The percentage of Black, Asian or minority ethnic (BAME) principals in charge of higher education institutions in England has dropped from 13% in 2017 to 5% or 6% of the nation’s 239 further education (FE) colleges currently, reports The Guardian.
Meanwhile, the number of BAME students has risen to 30% of the country’s higher education student population.
In response, an association known as the Black Further Education Leadership Group penned an open letter to the government, demanding the country address “systematic racism” in the sector and that it close the 13% attainment gap between BAME students and White students who pursue higher education.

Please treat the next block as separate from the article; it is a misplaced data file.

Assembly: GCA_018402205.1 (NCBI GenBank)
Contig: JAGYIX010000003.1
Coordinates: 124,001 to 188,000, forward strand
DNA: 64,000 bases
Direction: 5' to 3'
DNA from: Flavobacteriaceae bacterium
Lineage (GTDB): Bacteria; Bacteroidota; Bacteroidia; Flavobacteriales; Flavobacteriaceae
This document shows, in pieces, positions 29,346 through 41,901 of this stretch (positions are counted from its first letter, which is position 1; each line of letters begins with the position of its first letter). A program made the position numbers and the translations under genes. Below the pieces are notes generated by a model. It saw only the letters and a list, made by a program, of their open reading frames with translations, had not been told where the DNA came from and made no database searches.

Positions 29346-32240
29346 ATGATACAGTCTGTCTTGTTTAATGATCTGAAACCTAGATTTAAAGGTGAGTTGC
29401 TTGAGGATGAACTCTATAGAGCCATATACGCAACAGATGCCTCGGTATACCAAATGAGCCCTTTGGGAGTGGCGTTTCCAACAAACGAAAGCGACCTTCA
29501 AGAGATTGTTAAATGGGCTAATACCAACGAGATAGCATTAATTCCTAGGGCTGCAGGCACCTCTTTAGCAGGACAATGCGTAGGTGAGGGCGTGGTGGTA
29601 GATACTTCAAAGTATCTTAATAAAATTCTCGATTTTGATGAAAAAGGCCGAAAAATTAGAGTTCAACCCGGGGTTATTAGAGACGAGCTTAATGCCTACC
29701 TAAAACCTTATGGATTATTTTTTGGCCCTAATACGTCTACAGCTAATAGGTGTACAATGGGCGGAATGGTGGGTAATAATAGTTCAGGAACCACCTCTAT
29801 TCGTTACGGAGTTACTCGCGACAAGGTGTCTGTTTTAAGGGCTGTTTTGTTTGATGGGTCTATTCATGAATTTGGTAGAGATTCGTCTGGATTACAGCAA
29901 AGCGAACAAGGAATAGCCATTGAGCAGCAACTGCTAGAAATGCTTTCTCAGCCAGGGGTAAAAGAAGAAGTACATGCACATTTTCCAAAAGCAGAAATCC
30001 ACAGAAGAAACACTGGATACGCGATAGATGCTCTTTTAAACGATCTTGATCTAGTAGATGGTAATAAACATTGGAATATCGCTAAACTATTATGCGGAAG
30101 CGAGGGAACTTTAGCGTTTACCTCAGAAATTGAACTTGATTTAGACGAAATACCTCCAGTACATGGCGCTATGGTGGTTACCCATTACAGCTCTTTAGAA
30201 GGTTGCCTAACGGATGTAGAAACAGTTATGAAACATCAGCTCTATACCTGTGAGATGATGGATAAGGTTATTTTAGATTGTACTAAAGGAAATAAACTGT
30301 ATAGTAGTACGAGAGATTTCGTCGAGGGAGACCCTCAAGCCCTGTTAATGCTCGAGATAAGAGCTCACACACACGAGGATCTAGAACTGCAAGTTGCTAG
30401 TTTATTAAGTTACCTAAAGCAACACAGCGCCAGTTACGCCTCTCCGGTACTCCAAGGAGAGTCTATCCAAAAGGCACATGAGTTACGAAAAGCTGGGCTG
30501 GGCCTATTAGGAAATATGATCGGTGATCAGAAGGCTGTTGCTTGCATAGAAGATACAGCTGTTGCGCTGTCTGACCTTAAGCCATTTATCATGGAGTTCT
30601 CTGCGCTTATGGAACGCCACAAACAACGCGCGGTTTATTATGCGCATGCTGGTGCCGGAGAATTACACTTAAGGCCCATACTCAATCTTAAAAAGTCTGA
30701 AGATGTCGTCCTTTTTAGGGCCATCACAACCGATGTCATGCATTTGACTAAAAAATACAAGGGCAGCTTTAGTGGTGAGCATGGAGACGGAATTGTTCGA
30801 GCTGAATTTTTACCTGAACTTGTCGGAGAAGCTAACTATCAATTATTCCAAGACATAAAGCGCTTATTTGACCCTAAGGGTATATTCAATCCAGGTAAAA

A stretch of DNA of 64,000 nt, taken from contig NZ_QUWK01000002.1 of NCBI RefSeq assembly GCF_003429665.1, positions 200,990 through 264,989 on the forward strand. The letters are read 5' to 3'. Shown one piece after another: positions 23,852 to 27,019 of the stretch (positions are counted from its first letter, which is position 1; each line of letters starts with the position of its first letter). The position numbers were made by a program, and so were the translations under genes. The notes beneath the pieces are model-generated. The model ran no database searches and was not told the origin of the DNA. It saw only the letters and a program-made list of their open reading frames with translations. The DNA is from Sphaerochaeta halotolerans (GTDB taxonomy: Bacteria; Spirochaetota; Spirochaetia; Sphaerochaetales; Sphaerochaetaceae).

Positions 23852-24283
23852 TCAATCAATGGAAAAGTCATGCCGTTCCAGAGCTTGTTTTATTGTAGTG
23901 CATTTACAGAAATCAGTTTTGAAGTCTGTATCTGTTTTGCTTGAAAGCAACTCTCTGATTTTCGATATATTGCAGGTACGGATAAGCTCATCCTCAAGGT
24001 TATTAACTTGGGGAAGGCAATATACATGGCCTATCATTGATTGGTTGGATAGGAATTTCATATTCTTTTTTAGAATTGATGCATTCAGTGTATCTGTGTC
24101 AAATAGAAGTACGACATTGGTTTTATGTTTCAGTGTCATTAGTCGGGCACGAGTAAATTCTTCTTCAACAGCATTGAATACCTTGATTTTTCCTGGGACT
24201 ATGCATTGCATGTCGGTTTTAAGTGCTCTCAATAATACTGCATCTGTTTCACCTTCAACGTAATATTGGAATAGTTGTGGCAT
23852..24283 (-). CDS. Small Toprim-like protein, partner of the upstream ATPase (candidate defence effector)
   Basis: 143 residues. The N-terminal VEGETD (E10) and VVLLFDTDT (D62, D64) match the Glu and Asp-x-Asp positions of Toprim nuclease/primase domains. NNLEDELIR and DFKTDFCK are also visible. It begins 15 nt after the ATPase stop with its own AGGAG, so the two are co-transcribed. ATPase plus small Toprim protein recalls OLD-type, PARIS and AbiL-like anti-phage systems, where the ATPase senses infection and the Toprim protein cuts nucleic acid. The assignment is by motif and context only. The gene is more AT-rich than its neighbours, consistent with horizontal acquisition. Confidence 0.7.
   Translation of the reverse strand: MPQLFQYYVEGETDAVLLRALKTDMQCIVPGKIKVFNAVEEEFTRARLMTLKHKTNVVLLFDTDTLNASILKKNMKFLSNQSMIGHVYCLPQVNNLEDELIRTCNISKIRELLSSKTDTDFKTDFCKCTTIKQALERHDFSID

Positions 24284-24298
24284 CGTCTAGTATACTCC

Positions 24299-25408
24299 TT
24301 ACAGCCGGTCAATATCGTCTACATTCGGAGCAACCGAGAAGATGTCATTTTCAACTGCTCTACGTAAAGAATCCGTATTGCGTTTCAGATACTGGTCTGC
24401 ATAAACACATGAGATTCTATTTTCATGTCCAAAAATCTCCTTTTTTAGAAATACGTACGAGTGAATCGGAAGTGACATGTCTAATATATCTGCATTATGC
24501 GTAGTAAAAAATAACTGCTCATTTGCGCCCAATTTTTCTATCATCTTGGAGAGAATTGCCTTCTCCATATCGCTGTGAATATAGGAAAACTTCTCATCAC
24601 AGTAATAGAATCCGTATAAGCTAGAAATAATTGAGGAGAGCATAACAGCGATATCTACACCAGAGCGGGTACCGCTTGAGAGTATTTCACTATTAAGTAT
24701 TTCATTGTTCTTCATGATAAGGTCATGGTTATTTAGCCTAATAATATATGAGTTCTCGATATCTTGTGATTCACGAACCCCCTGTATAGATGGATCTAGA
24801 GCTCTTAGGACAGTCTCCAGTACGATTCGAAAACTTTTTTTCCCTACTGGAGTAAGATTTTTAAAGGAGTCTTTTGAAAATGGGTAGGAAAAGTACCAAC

“The supporting data and our lived experiences present an uncomfortable truth that too many BAME students and staff have for far too long encountered a hostile environment and a system that places a ‘knee on our neck,’” the letter, which was shared with the Guardian, states. “It is self-evident that we will not accept this moving into the future.”
The group then suggested a “radical revision” of higher ed curriculum to “reflect contemporary British values, the importance of colonial history and its influence on society, the impact of racism on black and white communities and the contributions made by black people to society.”
Among other requests, it also asked that racial equality and anti-racist pedagogy be a central tenet of teacher training, professional development and leadership programs and that recruitment processes address diversity imbalances.